How Interning At A Mental Health Nonprofit Taught Me About Acceptance
Since January, I have been interning at the National Alliance of Mental Illness (NAMI) Massachusetts.
Although I have only been working here for a mere four months, the overall experience has already taught me more than any other intern position ever has.
For those who don't know what NAMI is, let me give you a bit of background: NAMI is a nonprofit mental health organization that improves the quality of life for people who suffer from mental illnesses, and their families, through educational programs, support groups, outreach, a revitalized help line and grassroots advocacy.
Part of what makes NAMI unique is all of its programs are taught by peers (people who have lived with or experienced mental illness and who can relate to patients on a personal level).
Every single one of its programs is also offered free of charge, which is why its fundraisers are so crucially important.
Its largest fundraiser, NAMIWalks, is coming up on May 16 at Artesani Park in Brighton, MA. This walkathon is an incredibly important, inspiring and stigma-busting event to the organization.
It gives hope to all those struggling and raises funds for all of NAMI's incredible programs.
I am not writing this post today to simply tell you about NAMI.
If you were that interested, you probably would have Googled it yourself.
Rather, I am writing this post to tell you about three important lessons I learned while interning at this life-changing organization:
1. The importance of working in an understanding and judgment-free work environment
I have never understood how some people can be so accepting of physical illnesses, but not of mental illnesses.
Having breast cancer and suffering from depression should be treated the same way: with compassion and care.
They are both unfortunate illnesses, and the only aspect that separates the two is one is physical and one is mental -- it is that simple.
Everyone working for or associated with NAMI either suffers from some form of mental illness or has a loved someone who does.
This brings a genuine sense of understanding and compassion into the office.
I have never been afraid to mention my anxiety disorder to my coworkers, and they are never afraid to disclose information to me.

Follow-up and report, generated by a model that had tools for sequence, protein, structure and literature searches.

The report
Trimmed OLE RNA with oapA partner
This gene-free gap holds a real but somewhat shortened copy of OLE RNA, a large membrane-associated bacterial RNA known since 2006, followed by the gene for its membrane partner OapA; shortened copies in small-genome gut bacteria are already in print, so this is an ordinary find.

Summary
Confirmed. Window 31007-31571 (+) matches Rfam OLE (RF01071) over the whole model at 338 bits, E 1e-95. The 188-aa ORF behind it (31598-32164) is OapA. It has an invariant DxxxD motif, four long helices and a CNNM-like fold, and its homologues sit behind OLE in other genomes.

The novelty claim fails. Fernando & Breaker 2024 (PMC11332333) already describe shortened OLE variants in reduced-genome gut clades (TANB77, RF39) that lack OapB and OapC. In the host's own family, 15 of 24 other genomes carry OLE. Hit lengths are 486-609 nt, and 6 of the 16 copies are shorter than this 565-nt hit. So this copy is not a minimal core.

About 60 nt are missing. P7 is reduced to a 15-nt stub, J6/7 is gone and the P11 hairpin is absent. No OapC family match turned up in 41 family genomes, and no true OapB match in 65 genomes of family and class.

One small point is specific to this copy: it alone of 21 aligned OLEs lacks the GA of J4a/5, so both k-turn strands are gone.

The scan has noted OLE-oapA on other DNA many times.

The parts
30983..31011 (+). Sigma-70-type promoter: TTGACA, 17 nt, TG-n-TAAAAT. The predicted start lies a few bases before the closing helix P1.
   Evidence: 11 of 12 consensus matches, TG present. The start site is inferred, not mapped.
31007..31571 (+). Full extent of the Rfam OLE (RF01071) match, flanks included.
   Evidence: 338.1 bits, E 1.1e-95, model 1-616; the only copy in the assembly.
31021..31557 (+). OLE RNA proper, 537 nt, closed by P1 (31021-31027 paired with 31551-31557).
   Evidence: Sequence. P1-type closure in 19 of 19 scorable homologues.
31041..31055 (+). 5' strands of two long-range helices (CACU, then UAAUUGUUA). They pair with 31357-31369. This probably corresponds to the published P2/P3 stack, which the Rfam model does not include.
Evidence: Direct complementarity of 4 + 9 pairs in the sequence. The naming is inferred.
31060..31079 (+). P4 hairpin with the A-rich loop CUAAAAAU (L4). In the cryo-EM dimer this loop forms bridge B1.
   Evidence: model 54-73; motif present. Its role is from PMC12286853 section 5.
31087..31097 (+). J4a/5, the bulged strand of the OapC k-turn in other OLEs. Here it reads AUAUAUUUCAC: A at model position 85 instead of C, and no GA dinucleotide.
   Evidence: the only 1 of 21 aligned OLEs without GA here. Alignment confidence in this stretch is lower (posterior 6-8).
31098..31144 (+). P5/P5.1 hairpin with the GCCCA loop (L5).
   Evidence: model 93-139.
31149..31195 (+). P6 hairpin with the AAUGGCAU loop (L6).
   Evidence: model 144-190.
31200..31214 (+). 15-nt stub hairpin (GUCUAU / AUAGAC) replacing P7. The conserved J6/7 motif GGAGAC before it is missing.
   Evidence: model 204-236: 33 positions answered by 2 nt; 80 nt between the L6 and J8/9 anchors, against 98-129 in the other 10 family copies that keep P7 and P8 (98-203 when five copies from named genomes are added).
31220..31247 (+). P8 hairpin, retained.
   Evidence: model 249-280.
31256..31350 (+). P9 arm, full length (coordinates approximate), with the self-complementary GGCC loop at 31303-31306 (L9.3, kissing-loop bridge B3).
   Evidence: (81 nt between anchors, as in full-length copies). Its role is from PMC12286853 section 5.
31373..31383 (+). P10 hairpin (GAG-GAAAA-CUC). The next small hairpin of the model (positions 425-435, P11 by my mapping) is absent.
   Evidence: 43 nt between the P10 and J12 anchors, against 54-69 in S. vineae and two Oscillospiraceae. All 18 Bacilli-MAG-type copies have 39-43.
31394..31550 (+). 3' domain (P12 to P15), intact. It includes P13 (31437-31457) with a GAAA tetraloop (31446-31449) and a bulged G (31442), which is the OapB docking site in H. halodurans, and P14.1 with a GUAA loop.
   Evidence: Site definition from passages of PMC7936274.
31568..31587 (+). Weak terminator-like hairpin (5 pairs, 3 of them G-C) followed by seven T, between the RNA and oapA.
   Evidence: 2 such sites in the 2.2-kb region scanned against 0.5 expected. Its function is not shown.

During my last internship, I had to take a short leave of absence after landing in the hospital with a panic attack.
However, due to shame and embarrassment, I didn't feel comfortable disclosing the true reason why. Instead, I said I had to take time off for a physical illness.
If something like that happened while working at NAMI, I know I would feel comfortable enough to be upfront and honest with the office about it. I truly believe this is how every single workplace should be.
The sad reality is every one in four people has a mental illness. Stigma needs to be eliminated in the workplace.
2. The importance of being passionate about what you do
After various internship positions in the wrong field, I was left feeling hopeless about my future career.
I've never understood how some people are able to live their entire lives hating their jobs. I would be absolutely miserable, and I'd be too stubborn to put up with it.
Ever since I was little, I have always been interested in psychology and self-help. I always wanted to understand why I felt so different from everyone else.
Yet, it wasn't until my second year in college I changed my major to psychology.
After semesters of enjoying my classes, I knew in my heart I made the right decision. Working at NAMI has confirmed that fact.
Each day, whether I speak to someone over the phone, through email or in person, I feel as if I am making a difference.
I feel like I can connect with and relate to those who suffer from mental illnesses, and I feel so determined and inspired to help in any way I can.
And, let me tell you, I am not the only passionate person in the office.
All NAMI employees are just as passionate about what they do; it's contagious.
Whenever my boss talks about NAMIWalks, passion pours out of her. It is because of this they managed to raise $570,878 at last year's event.
3. The importance of stopping the stigma and ending the negative associations with mental illness
One of my favorite stigma-busting programs NAMI offers is In Our Own Voice (IOOV).
It is a 90-minute presentation by two people with life experience, who discuss their dark days, treatment, recovery and acceptance.
It's a very powerful presentation, and I was left completely and utterly awed by the end of it.
The best part about IOOV is it demonstrates there is no stereotypical bipolar, depressive, schizophrenic, etc.
Most of the time, you cannot tell what mental illness people have just by looking at them.
When I first blogged about my anxiety disorder two years ago, the Facebook messages and texts started pouring in from friends, people I hadn't spoken to in years and even strangers.
Most of them applauded me for my courage to openly blog about my disorder, and then, they admitted something personal about themselves and how they can relate.
This just goes to show the power of vulnerability.
People need to keep talking. It is the most effective way to bust the stigma.
A mental illness, just like a physical illness, does not define who someone is.